Immune cell subsets

Relative composition of immune cell subsets was determined by flow cytometry on freshly thawed cryopreserved PBMCs. Cells from four different rhesus macaques were divided into cluster tubes (Corning™ 4410; 1 × 105 cells/tube) and washed twice with staining buffer (1 ml phosphate-buffered saline supplemented with 1% FBS and 1 mM EDTA). Live/Dead dye (Fixable Blue, Invitrogen) was added according to the manufacturer’s directions and incubated for 15 min at 4 °C protected from light. Cells were then stained for surface markers using the following panel: CD3:BB660, CD4:BUV395, CD8:BUV805, CD14:BV510, CD16:BV711, CD20:PE-Cy594, CD45:PE-Cy7, and HLA-DR:BV650. Cells were then washed twice and analyzed as described above.

Intracellular cytokine staining

Specific T cell activity was determined on PBMCs collected at study day 56. PBMCs from each macaque were divided into three polypropylene cluster tubes (Corning™ 4410; 1 × 106 cells/tube) and washed 2× with cRPMI. Each set of cells was then incubated for 1 h at 37 °C, 5% CO2, and 100% humidity in 125 µl cRPMI supplemented with 3 µg/ml anti-CD28, 3 µg/ml anti-CD49d, and either (A) 0.5% DMSO (mock), (B) 5 µg/ml/peptide of SIVmac239 gag pooled peptides (ARP-12364;), or (C) 1 µg/ml ionomycin (Sigma) and 40 pg/ml phorbol 12-myristate 13-acetate (Sigma) as a positive control. Following 1 h incubation, 0.25 µl GolgiStop™ and 0.25 µl GolgiPlug™ (BD Biosciences) in 50 µl cRPMI were added to each tube. Cells were incubated as before for an additional 8 h, then stored at 4 °C for up to 10 h prior staining. For analysis, cells were washed twice with staining buffer then incubated for 15 min at 4 °C protected from light with Live/Dead dye (Fixable Blue, Invitrogen). Surface markers were then stained using the following panel: CD3:BV510, CD4:BUV395, CD8:BUV805, CD45RA:PE-Cy7, CD95:BV786, CD107a:FITC. Following fixation in 1% PFA (20 min at 4 °C and permeabilization with 0.5% saponin in staining buffer, cells were stained for intracellular markers as follows: CD69:ACP-H7, IL-2:PE, IL-4:BV421, IL-21:APC, IFNγ:BV711, and TNFα:BV650. Stained cells were analyzed on a FACSymphony A5 (BD Biosciences) and data were analyzed with FlowJo software.

Splenocyte infection assays

Cryopreserved macaque splenocytes were washed twice with RPMI, then resuspended at a concentration of 1 × 106 cells/ml in RPMI supplemented with 4.5 g/l D-glucose, 10% heat-inactivated FBS, 1% L-glutamine, 1% penicillin, and 1% streptomycin (cRPMI) plus either 300 U/ml recombinant rhesus IL-4 and 150 U/ml granulocyte-macrophage colony-stimulating factor to enrich macrophage-derived dendritic cells or with 10 µg/ml phytohemagglutinin to expand T cells. Stimulated splenocytes were incubated for 4 days at 37 °C with 5% CO2 and 100% humidity and then refreshed with new cRPMI plus growth factors. Seven days after stimulation, T cell and MDC-enriched splenocytes were collected for assay setup, using a 7 min incubation with TrypLE Express (Fisher) to dissociate adherent cells from flasks. Cells were washed twice with serum-free cRPMI (no FBS), resuspended at 2 × 106 cell/ml in cRPMI-no FBS, and 0.5 ml was added to each well of a 24-well culture plate. The indicated mAb was diluted in cRPMI-no FBS to 100 µg/ml and 50 µl mAb then added to the appropriate well for 30 min to pre-load cells with mAb. Separately, SHIVSF162P3 virus stock (p27 concentration of 788 ng/ml) was incubated with 22.2% either heat-inactivated or normal macaque serum pooled from ten macaques for 30 min at room temperature using a ratio of 350 µl virus and 100 µl serum per assay well. After separate cell-mAb and virus-serum incubations, 450 µl of the virus-serum mixture was added to the appropriate well, giving a final assay concentration of 1 × 106 cells/5 µg mAb/275 ng p27 virus/10% heat-inactivated or normal macaque serum/ml/well. Splenocyte cultures were then incubated as above and infection monitored longitudinally by flow cytometry staining for viability (Live/Dead Fixable Yellow; Fisher), surface markers CD3:PB (BD-558124), CD4:APC (Miltenyi-130-091-232), CD11b/CD18:PE-Cy7 (eBioscience-25-0118-42), and CD11c:PerCP (Invitrogen-MA1-10087), and intracellular p27:FITC (ARP-1610). All test conditions were plated in duplicate and similar results were obtained from repeating the experiment two additional times with splenocytes from different macaques.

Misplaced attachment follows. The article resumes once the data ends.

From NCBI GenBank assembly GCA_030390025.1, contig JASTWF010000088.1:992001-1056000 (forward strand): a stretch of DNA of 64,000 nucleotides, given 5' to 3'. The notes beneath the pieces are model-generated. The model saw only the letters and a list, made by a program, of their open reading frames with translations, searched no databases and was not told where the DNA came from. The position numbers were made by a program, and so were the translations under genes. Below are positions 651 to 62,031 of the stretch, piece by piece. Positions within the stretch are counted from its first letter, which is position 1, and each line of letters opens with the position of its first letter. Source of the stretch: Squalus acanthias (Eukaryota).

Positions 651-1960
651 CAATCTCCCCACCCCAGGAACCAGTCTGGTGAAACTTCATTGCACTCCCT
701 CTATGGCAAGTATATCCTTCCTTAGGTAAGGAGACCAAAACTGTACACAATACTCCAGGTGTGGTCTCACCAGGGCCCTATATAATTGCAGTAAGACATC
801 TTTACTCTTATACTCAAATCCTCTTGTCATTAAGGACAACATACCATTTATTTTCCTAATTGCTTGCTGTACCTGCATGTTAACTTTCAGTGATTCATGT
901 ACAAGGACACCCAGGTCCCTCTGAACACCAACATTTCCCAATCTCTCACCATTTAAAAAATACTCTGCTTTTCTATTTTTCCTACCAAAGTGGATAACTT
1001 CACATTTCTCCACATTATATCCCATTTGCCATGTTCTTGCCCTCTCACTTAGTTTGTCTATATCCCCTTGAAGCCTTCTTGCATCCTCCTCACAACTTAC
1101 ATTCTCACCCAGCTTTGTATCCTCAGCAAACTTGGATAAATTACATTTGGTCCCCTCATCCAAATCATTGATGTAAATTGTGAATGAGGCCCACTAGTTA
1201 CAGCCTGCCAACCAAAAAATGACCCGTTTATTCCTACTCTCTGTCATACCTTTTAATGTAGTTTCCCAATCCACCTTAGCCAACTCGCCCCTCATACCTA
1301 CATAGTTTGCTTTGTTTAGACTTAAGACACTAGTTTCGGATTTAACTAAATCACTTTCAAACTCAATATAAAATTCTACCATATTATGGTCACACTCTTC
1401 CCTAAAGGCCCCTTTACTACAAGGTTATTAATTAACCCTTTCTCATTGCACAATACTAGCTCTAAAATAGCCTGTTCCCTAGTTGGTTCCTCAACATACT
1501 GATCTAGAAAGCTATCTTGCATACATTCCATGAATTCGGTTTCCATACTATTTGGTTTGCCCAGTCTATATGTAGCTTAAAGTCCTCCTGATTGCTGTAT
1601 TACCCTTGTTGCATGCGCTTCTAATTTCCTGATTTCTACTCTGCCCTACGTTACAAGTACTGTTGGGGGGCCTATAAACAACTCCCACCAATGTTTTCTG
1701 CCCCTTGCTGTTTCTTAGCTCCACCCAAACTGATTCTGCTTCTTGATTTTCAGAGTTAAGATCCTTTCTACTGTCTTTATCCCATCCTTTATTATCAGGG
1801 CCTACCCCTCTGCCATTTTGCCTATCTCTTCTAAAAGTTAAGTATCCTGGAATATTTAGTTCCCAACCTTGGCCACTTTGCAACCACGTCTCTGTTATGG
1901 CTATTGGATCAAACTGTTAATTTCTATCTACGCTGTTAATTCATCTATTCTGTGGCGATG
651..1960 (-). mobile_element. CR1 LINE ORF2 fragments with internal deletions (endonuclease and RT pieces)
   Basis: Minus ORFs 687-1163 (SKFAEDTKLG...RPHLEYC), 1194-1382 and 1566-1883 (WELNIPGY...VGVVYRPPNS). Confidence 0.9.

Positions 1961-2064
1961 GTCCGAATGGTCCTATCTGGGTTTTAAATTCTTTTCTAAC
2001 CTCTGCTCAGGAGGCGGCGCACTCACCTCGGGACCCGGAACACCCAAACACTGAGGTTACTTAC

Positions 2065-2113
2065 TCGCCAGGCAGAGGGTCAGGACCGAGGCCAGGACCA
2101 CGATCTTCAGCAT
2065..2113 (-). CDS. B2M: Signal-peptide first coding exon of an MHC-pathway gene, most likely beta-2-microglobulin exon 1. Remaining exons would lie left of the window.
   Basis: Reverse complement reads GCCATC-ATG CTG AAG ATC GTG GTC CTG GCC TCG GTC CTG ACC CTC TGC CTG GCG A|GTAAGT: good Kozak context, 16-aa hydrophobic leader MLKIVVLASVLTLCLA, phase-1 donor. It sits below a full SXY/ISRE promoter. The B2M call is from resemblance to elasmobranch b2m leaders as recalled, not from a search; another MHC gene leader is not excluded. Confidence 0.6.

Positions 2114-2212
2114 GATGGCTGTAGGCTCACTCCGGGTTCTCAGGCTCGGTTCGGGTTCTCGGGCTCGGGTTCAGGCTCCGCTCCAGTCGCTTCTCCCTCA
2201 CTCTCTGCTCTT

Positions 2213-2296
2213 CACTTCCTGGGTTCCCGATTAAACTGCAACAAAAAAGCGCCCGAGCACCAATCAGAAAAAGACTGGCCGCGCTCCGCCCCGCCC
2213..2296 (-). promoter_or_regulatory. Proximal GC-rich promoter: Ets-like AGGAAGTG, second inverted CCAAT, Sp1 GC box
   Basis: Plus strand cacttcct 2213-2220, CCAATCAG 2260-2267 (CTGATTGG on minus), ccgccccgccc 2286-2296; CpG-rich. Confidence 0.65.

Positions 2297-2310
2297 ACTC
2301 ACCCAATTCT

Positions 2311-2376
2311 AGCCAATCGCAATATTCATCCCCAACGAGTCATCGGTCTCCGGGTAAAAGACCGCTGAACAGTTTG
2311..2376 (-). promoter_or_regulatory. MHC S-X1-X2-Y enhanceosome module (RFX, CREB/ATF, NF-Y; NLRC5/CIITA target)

Statistical analysis

Statistical analysis was performed as indicated in the figure legends. Ordinary one-way ANOVAs followed by Tukey’s post-hoc test for multiple comparisons were used to analyze data in Figs. 4b, c and 5b, c, g, h, followed by Dunnett’s post-hoc test for comparison to control group in Figs. 4f, h, 5g, and 7e, f. Two-way ANOVA was used to analyze data in Figs. 4i–l and 5h followed by Tukey’s post-hoc test for multiple comparisons. Differences in individual tissues in Fig. 4m were analyzed by two-way repeated-measures ANOVA followed by Tukey’s post-hoc test for multiple comparisons. Correlation plots in Figs. 6b, d, f and 7e, f were analyzed by one-tailed Spearman tests and visualized with a simple linear regression line. Viral load is presented and analyzed using log10 transformed data. Statistical significance was determined at the significant alpha level of 0.05. All statistical analysis was performed in GraphPad Prism 9.

Reporting summary

Further information on research design is available in the Nature Research Reporting Summary linked to this article.